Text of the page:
After Amber’s surgery, we awaited the results of the lab tests on her tumor. We were thrilled to find out that her cancer was Stage I with a favorable histology. This meant that she would have chemotherapy but it would only be seven treatments with each one being every three weeks. We were also thrilled to find out that they would allow us to get treatments in Alexandria, Louisiana, meaning we could stay home. She would have every other treatment at St. Jude with the others being at Freedman Clinic in Alexandria.
Amber’s chemotherapy was a combination of two chemotherapy drugs. Dactinomycin and Vincristine would be the two drugs that she would receive. They would both be given at the same time with a push. A push meant that she would not have an IV for administration, she would have an injection from a syringe into her line. This injection would be through a very slow push of the syringe to administer the drugs. The administration of her chemo only lasted a few minutes.
The first treatment of chemo was given to Amber on November 23, 1994. This was six days after her surgery and also the day we were allowed to go home from St. Jude. Her treatment was the last thing we did at the hospital that day. I will never forget that trip home. We stopped in Jackson, Mississippi, to eat supper at Outback Steakhouse. Amber ate rice pilaf and loved it. As we were turning onto our road from our long trip home, Amber threw up from the chemo for the first time….and you guessed it, it was rice pilaf.
We learned quickly how long we had after treatment before she would begin to throw up. With each chemo treatment, the throwing up would get worse. When we were at St. Jude for her fifth chemo treatment, we found out that there was a drug they could give her to help with the after chemo nausea. It was wonderful but we sure wished we would have had it for the first four treatments. This drug was given through an IV drip into her line. It took 30 minutes to get but it was worth every minute. The throwing up was gone.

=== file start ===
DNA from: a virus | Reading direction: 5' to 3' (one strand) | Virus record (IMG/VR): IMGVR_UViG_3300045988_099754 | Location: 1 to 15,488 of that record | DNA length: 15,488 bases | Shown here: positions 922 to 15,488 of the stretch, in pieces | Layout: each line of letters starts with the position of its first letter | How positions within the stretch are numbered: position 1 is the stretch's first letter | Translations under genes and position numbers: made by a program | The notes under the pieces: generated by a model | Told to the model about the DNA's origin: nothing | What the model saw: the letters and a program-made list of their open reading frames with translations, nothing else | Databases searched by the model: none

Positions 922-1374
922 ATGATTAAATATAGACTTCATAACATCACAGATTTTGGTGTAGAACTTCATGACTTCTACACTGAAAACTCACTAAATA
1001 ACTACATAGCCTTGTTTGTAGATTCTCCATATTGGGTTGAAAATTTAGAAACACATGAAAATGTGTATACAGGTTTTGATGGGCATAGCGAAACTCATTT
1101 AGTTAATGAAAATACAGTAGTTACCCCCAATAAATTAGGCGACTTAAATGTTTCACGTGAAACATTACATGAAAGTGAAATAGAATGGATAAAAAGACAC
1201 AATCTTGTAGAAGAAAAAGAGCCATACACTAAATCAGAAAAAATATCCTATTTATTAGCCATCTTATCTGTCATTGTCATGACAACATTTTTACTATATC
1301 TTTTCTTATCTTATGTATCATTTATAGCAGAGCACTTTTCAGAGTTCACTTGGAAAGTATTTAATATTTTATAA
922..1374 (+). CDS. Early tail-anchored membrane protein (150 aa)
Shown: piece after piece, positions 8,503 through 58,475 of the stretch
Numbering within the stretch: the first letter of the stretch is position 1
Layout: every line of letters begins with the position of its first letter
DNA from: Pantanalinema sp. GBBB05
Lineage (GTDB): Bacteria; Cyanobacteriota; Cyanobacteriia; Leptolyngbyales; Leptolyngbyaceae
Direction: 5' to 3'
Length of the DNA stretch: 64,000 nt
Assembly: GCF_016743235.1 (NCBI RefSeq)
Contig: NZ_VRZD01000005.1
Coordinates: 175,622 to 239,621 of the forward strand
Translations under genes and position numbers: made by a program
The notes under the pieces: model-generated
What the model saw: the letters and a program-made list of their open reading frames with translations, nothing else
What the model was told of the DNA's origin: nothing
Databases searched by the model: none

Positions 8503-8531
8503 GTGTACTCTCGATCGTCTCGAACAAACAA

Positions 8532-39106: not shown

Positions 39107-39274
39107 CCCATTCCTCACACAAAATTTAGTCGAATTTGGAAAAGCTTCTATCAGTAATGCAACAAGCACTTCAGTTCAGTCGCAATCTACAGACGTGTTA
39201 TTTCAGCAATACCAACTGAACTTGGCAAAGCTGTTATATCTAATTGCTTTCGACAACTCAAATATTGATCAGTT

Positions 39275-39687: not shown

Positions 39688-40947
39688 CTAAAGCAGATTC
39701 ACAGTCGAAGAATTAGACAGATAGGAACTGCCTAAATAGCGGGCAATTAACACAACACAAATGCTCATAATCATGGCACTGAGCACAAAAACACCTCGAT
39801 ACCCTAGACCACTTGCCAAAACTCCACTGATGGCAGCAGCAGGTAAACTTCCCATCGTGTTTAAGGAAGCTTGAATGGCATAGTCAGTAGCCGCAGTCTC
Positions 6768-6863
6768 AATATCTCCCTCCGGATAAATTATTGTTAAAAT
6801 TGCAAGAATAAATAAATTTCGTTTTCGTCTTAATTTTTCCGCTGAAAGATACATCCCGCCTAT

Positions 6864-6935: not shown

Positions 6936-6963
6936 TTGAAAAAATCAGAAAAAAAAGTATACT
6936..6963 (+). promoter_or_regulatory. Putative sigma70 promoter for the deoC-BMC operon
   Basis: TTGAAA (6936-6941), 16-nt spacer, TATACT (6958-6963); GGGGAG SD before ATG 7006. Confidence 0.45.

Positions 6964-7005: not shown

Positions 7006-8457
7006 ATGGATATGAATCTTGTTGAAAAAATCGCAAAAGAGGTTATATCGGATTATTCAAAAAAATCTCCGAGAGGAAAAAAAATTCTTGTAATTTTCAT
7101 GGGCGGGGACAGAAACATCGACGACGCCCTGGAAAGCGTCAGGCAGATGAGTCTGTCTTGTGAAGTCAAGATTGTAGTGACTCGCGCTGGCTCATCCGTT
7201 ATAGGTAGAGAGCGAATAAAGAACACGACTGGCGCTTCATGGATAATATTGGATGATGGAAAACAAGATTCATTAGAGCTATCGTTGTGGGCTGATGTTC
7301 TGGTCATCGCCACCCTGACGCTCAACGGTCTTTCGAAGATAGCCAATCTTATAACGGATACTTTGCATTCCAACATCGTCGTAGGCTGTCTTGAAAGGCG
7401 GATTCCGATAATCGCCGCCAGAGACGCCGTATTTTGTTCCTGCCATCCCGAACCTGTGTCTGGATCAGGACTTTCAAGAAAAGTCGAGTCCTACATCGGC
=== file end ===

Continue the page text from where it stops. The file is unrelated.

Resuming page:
Chemo can have many side effects besides the nausea and throwing up. The types that Amber took also cause significant joint pain. She would cry with the pain and all we could do was to try to comfort her. There was no way to explain to her as to why she was hurting. She was only 15 months old when she began treatments and about 19 months old when they ended. Clumsiness was another side effect of her drugs. Amber was clumsy to begin with but with the chemo it was much worse. She had bumps and bruises all over from falling and bumping into things. Sometimes I think that clumsiness never went away.
The most common side effect of chemo is the loss of hair. Amber never lost her hair at all. In fact, during the chemo period her hair actually grew a little. The odd thing was that about two months after the end of her chemo, all of her hair broke off. It looked like she had gotten a hair cut but she hadn’t. It just broke off in perfect layers all over her head. We asked about it on one of our trips to St. Jude but they had never heard of that happening before.
All in all, her treatment protocol was as good as we could have had. Even though we had to deal with chemo we were very fortunate that it was not worse. We were also fortunate that we were able to stay home for most all of her treatments. I am just thankful that she doesn’t remember the chemotherapy.
This picture was taken the day after her first chemo treatment and exactly one week after her surgery. It was Thanksgiving Day and we had just made it home from Memphis late the night before.
This one was taken after her second chemo treatment. It was her Christmas picture that year. You can tell the difference from the chemo in this one because she had gotten very pale compared to her normal coloring.